G.K. Chesterton is best known for his fence aphorism, that you don’t take down a fence until you know why someone put it up. Split rail or pickets aside, this was a test of politics. The liberal will see a fence in his way and rip it down without further thought because it blocks his path. The conservative, on the other hand, will exercise caution, waiting to learn the fence’s purpose for being there before tearing it down.
But Chesterton went a little deeper than just the fence.
His definition of tradition as “the democracy of the dead” has always impressed me as a formidable truth. We are dwarfs on giants’ shoulders; but this includes not just the geniuses who have preceded us and paved the way for our own minor discoveries, but also the myriads of ordinary, anonymous people who have created, step by step, with occasional strokes of genius and many more trials and errors, the civilization we enjoy today.
Behind every single thing, habit or institution of our life there are centuries of experiments, attempts, failures and success.
Humans have been around for a while now, and we’ve developed traditions, norms, rules and, obviously, laws. Each came about for a reason. Some reasons are good and some not so good. Some made sense at the time, but changes in society have vitiated the reasons and the time has come to adapt. Others reflect truisms about our state of being, and persist even if we don’t think they should.
The point isn’t that traditions are immutable and society should never abandon a norm that’s outlived is usefulness, or that no longer meets our needs and beliefs. The point is that human experience voted to establish a tradition, a norm, and like it or not, there was a reason why that happened.
At this point in time, many are revisiting history in light of contemporary shifts in mores and beliefs. The certainty that today’s feelings are unquestionably more right, better, more fair, than any that came before guides the young to inflexibly demand that we tear down the fence. They refuse to consider the “democracy of the dead,” as they’re just rotting corpses of old guys who were awful anyway. Dead people cannot, by definition, be woke.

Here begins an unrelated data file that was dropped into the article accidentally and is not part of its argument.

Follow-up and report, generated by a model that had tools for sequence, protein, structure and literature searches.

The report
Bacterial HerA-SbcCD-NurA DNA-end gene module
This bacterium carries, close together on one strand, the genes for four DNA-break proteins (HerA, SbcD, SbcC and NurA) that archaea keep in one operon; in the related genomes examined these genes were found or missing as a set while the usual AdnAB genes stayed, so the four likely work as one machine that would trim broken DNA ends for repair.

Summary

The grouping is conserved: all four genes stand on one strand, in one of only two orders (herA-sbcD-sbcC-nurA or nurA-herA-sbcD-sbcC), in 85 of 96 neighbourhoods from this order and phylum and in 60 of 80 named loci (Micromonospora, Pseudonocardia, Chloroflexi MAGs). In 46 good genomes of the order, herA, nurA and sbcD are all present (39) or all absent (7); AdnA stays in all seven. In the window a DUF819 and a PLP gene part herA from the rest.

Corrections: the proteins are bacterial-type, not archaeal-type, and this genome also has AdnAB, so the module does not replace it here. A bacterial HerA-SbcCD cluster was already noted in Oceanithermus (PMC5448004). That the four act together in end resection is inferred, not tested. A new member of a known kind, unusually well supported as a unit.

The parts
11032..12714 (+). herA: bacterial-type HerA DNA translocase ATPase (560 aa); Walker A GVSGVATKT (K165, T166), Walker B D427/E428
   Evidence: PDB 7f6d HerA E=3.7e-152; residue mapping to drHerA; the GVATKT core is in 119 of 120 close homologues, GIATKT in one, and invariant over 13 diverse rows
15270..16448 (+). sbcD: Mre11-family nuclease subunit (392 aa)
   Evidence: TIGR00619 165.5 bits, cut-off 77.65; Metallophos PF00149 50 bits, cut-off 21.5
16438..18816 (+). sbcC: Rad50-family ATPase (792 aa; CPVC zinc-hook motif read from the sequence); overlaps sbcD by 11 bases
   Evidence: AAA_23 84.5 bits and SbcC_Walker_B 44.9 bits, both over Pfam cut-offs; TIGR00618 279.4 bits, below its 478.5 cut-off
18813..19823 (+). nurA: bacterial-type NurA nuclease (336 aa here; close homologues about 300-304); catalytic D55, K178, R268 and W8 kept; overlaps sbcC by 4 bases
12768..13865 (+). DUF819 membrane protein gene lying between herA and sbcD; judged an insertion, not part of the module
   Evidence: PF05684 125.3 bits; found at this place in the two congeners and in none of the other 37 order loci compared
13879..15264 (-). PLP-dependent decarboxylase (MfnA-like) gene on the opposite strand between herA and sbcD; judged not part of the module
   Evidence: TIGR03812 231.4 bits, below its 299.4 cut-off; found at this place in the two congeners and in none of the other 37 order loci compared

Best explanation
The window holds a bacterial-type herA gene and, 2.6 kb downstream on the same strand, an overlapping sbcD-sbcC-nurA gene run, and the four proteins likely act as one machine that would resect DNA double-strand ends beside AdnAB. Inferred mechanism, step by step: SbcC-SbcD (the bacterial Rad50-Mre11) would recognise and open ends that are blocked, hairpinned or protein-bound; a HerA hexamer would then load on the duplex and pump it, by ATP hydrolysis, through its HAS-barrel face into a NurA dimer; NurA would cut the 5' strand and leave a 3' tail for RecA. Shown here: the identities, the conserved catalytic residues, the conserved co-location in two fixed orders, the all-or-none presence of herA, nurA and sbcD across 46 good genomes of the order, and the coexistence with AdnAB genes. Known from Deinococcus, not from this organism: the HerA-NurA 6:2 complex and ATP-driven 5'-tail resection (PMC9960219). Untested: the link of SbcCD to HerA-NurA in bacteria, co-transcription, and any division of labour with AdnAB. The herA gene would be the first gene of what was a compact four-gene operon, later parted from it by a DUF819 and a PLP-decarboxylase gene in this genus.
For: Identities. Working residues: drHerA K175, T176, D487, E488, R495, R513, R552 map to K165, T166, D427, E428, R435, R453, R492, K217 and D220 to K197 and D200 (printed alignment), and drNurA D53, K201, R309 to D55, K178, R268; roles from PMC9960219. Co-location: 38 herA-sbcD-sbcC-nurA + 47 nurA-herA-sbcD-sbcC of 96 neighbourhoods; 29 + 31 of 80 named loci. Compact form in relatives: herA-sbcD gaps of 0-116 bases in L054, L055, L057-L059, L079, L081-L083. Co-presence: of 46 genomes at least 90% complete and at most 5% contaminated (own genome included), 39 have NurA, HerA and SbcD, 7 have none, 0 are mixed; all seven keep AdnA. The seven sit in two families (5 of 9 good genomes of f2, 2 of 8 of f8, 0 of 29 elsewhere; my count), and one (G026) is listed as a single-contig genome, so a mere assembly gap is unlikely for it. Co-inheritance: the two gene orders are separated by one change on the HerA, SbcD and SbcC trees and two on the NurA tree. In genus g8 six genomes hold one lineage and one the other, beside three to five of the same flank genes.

What they do not do is consider how society came to be the way it is, the trials and errors, the successes and failures, the brilliance of those who came before us. It’s not that society cannot, or should not, change. It constantly evolves. But why are we where we are? How did we get here? Why did the dead “vote” as they did, and what hubris possesses you to believe that every radical thought that pops into your head is better than the accumulation of thousands of years of human experience?
Maybe the fence should come down, or at least parts of it, but until you are willing to learn, to understand, why the fence is there, shrieking for its demise may be a disastrous mistake. The key to all this is to approach the fence honestly and openly, rather than fabricating rationalizations that justify your tearing it down because that’s what you truly believe should be done.
The dead have spoken. It’s up to the living to listen. Maybe they’ll tell us that it’s time to tear down that fence. Maybe we’ll learn why the fence should remain as it is.